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Monday, 24 July 2017

On a wild goose(foot) chase...

Twenty years ago, various chenopods - oraches and goosefoots - were frequent on brownfield sites in and around Llanelli and even just a decade ago, I was able to catch decent numbers of nutmegs at a site just east of Burry Port.
It was to Burry Port that I went late this afternoon to search for the above plants and, in turn, for any leaf-mines of Chrysoethia sexguttella larvae feeding on the leaves. I found a few strandline Atriplex but none on terrestrial habitat.
Whilst searching the `West Dock` (old scouring basin) adjacent to Burry Port harbour, I noticed some musk mallows and went to inspect them for any sign of the eponymous mallow moth, but I found none. Checking at home later, it seems that I was a bit late for that task, the caterpillars having pupated by now.
I did, however, note that some flower heads looked discoloured and, upon carefully opening up a couple of them, found a small caterpillar in each. They appear morphologically very close in appearance to the Chrysoethia larvae that I was unsuccessfully searching for on goosefoots, ie they may be gelechiids. A potential contender is the `hollyhock seed moth` Pexicopia malvella, which is known a very short distance away, across the Burry Inlet on the upper saltmarshes, where it utilises marsh mallows.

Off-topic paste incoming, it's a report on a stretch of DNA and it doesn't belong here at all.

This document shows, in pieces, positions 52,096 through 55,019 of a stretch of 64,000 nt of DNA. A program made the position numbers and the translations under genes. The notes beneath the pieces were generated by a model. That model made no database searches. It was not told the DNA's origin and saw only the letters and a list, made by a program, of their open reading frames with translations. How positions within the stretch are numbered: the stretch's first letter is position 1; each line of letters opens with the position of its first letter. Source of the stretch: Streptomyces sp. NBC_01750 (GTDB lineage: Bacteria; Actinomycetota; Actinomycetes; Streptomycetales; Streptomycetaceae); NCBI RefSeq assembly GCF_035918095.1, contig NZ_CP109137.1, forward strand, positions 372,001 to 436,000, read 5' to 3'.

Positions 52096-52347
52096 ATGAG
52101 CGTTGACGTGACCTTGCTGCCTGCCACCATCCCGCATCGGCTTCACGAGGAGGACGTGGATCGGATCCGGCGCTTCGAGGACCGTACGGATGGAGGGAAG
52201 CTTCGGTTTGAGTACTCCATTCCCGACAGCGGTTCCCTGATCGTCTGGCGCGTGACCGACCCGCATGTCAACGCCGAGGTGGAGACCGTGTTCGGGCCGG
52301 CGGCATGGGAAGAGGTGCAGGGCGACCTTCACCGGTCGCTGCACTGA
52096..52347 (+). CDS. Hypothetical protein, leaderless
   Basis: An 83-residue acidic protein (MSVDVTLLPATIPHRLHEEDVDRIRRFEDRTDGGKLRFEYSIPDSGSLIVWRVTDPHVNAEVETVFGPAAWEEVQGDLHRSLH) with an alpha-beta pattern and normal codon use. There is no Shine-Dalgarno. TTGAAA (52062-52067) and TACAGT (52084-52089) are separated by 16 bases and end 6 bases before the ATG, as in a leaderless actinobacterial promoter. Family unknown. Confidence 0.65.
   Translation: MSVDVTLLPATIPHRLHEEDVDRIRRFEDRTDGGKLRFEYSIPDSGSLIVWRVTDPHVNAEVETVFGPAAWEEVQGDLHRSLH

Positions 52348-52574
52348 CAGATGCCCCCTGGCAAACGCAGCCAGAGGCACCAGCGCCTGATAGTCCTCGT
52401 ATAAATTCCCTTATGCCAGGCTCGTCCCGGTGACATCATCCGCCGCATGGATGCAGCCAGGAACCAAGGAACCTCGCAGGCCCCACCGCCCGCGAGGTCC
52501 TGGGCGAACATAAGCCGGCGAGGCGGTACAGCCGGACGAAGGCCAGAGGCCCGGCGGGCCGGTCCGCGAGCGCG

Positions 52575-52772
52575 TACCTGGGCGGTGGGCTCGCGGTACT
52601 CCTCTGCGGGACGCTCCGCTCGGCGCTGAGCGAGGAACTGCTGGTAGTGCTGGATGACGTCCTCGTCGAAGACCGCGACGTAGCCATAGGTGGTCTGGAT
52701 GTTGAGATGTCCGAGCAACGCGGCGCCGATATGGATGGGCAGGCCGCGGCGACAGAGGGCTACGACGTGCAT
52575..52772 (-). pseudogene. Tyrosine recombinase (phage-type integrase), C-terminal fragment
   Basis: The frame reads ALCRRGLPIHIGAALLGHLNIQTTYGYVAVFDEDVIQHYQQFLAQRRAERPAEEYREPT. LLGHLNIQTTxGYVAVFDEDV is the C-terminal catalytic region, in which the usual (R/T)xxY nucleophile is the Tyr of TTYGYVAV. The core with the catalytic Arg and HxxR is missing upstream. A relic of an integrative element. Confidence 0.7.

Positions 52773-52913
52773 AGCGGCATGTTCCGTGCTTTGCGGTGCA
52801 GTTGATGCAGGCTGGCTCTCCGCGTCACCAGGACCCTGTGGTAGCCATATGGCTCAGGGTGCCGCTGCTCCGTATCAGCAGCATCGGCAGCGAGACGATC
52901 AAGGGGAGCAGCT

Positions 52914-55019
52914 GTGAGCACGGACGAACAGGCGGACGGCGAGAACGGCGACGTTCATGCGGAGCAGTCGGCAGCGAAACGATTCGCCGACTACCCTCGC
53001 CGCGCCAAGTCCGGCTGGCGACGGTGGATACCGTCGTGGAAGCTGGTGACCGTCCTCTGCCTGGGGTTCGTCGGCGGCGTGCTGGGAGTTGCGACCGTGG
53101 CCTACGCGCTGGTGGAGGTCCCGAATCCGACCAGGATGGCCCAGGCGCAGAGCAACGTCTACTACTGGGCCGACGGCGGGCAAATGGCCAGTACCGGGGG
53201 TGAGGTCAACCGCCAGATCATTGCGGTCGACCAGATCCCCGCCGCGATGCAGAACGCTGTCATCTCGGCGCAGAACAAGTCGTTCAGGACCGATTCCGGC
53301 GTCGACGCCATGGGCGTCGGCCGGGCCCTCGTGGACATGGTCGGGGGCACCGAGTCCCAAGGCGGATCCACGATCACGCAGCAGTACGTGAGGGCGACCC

Above: close-up of the larval case in which the caterpillar was residing (also note the nearby frass). The case was made of seed cases and offered good camouflage.

                                                             Above: the caterpillar.

1 comment:

  1. That looks good for Pexicopia malvella. I wondered about the Tortricia Crocidosema plebejana, but yours is much too dotted. Well done!